On Tuesday, U.S. Secretary of State Hillary Clinton and other top foreign officials from more than 70 countries met at the Hague to discuss America’s new plan to stabilize Afghanistan.
At the conference on Tuesday, the United States and Iran took a small but important step toward improving three decades of tense, often bitter relations. Speaking at a news conference, Clinton said that the United States shares Iran’s concern about the flow of illegal drugs from Afghanistan, and welcomed Iran’s offer to help with the reconstruction of Afghanistan.
Clinton described the first known encounter between American and Iranian diplomats since the start of the Obama administration, a brief exchange between U.S. special envoy Richard Holbrooke and the head of the Iranian delegation. She also disclosed she had made an usually direct approach to the Islamic Republic by having a letter delivered to the Iranian delegation asking for help resolving the cases of three Americans missing or detained in Iran.
Lisa Curtis, a senior research fellow at the Heritage Foundation, joins Martin Savidge to discuss U.S. goals for the international conference, what role Iran could play in Afghanistan and the need for a more international coordinated approach to Pakistan.
A commenter at “Democratic Underground” praises the Obama administration and the news coming out of the conference:
If Obama can pull off a coup here and broker a deal that will enable the US and NATO to pull out of Afganistan (honorably), with the help of the Iranians no less, it will absolutely knock the socks off of this country and I think heads of state everywhere. And the location of the meeting, Moscow? Wow, he’s even got the Russian’s help. That in itself is quite impressive, at least it is to me.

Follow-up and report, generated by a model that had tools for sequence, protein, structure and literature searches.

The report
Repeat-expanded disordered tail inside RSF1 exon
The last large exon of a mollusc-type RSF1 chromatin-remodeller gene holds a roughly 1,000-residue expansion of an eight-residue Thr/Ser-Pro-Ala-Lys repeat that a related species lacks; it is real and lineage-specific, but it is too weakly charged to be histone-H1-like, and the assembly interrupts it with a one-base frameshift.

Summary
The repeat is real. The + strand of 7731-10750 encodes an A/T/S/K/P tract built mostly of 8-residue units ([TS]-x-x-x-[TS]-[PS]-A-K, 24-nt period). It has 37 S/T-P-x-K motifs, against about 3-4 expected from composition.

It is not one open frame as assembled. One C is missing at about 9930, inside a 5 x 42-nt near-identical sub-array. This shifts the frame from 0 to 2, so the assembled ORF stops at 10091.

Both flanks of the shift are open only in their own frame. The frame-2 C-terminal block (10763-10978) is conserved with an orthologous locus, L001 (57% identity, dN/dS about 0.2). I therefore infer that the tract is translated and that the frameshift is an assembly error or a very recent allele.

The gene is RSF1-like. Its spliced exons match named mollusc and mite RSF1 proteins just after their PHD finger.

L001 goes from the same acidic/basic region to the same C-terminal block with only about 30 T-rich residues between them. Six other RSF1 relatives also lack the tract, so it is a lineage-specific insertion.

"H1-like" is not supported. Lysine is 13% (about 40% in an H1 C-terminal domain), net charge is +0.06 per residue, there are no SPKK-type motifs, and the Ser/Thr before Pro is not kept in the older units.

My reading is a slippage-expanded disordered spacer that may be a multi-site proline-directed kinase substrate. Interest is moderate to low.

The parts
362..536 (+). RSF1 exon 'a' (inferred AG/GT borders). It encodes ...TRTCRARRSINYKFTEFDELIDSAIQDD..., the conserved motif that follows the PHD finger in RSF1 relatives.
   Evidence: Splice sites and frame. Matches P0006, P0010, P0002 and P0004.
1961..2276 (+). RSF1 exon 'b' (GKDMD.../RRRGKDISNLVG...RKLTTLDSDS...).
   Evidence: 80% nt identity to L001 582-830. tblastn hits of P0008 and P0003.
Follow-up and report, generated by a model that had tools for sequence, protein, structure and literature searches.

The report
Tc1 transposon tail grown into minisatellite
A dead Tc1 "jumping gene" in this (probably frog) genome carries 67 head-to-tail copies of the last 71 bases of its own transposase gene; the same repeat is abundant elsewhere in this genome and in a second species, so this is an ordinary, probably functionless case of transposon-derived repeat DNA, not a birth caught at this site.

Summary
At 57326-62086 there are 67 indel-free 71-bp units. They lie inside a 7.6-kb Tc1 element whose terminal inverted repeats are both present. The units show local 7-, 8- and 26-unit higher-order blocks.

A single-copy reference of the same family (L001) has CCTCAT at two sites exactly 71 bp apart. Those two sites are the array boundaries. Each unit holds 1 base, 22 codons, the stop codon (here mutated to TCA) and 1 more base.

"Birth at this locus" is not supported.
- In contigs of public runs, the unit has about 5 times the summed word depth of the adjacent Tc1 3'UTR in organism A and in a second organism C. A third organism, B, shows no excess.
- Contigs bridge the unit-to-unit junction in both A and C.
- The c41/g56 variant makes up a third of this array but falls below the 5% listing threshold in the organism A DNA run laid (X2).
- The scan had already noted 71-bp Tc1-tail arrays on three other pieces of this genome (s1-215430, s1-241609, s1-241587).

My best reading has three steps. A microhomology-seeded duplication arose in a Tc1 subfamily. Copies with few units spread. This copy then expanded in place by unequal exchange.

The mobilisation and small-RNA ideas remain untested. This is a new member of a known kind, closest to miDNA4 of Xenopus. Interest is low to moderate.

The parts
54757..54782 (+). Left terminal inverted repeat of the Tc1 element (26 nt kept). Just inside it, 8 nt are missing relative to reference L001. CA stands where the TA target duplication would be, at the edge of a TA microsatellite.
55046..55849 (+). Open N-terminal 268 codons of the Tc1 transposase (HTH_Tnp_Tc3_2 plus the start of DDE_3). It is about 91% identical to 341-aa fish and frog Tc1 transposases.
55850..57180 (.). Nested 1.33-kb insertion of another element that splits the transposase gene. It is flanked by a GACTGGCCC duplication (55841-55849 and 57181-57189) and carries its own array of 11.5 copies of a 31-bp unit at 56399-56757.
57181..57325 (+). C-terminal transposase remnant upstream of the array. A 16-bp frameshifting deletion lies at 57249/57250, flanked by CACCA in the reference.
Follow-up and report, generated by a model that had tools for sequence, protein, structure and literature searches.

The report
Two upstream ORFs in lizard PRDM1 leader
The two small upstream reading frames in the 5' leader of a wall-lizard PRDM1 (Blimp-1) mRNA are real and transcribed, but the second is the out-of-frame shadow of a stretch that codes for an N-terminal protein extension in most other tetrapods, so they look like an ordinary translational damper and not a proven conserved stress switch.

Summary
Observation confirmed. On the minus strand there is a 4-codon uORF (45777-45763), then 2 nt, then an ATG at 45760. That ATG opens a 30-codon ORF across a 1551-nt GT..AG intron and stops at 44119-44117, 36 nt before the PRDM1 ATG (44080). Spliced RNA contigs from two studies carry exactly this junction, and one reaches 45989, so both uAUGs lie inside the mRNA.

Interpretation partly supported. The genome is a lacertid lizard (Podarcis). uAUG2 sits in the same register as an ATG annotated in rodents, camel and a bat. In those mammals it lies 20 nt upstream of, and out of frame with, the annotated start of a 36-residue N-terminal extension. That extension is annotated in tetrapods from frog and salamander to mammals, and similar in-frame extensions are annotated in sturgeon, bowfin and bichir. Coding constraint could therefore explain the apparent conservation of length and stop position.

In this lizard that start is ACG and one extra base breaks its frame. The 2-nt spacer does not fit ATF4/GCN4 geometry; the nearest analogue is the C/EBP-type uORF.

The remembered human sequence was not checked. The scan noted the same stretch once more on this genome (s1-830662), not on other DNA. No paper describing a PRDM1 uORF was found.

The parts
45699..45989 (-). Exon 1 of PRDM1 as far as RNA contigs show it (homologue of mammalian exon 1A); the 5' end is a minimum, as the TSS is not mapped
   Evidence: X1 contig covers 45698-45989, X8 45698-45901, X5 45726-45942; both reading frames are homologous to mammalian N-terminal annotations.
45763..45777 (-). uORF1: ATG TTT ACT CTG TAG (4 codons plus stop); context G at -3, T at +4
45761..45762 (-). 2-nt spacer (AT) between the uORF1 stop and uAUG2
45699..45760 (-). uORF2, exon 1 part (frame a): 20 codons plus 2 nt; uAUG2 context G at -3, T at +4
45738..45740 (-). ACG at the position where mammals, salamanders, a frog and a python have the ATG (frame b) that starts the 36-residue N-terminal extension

He will, in my opinion, earn himself enough politcal capital that he will get a pass on practically everything else.
A blogger at the “Progressive Realist” argues that while this may not be a turning point for U.S.-Iran relations, it could prove important for Afghanistan:
Iran’s interests in Afghanistan are, well, obvious. Drug traffickers have destabilized the Aghan-Iranian border, and Tehran has no interest in a resurgent Taliban next door either. Remember that immediately following the U.S.-led invasion of Afghanistan, Iran was — quite literally — on the phone with Washington, offering its help. What happened next? George W. Bush included Iran in his “axis of evil” speech in January 2002. So long, cooperation.
Could this be a turning point in U.S.-Iran relations? Well, probably not yet. But it could be a turning point in terms of Afghanistan, and international relations with that country are just as, if not more, important.
Blogger “Richard” states that the U.S. will have to pay an as-yet-undetermined price for any cooperation with Iran:
My guess is that Iran, which has historically had great influence in Afghanistan and whose road network supplies the Afghan economy with consumer goods has been mollified in some way. The Iranians are likely to want concessions for any agreements they may enter into with the United States. There may be linkage with Hamas and Hezbollah and with Iranian nuclear weapons. But we don’t know what just yet. Exactly what price the US will pay for cooperation with the Iranian remains to be seen.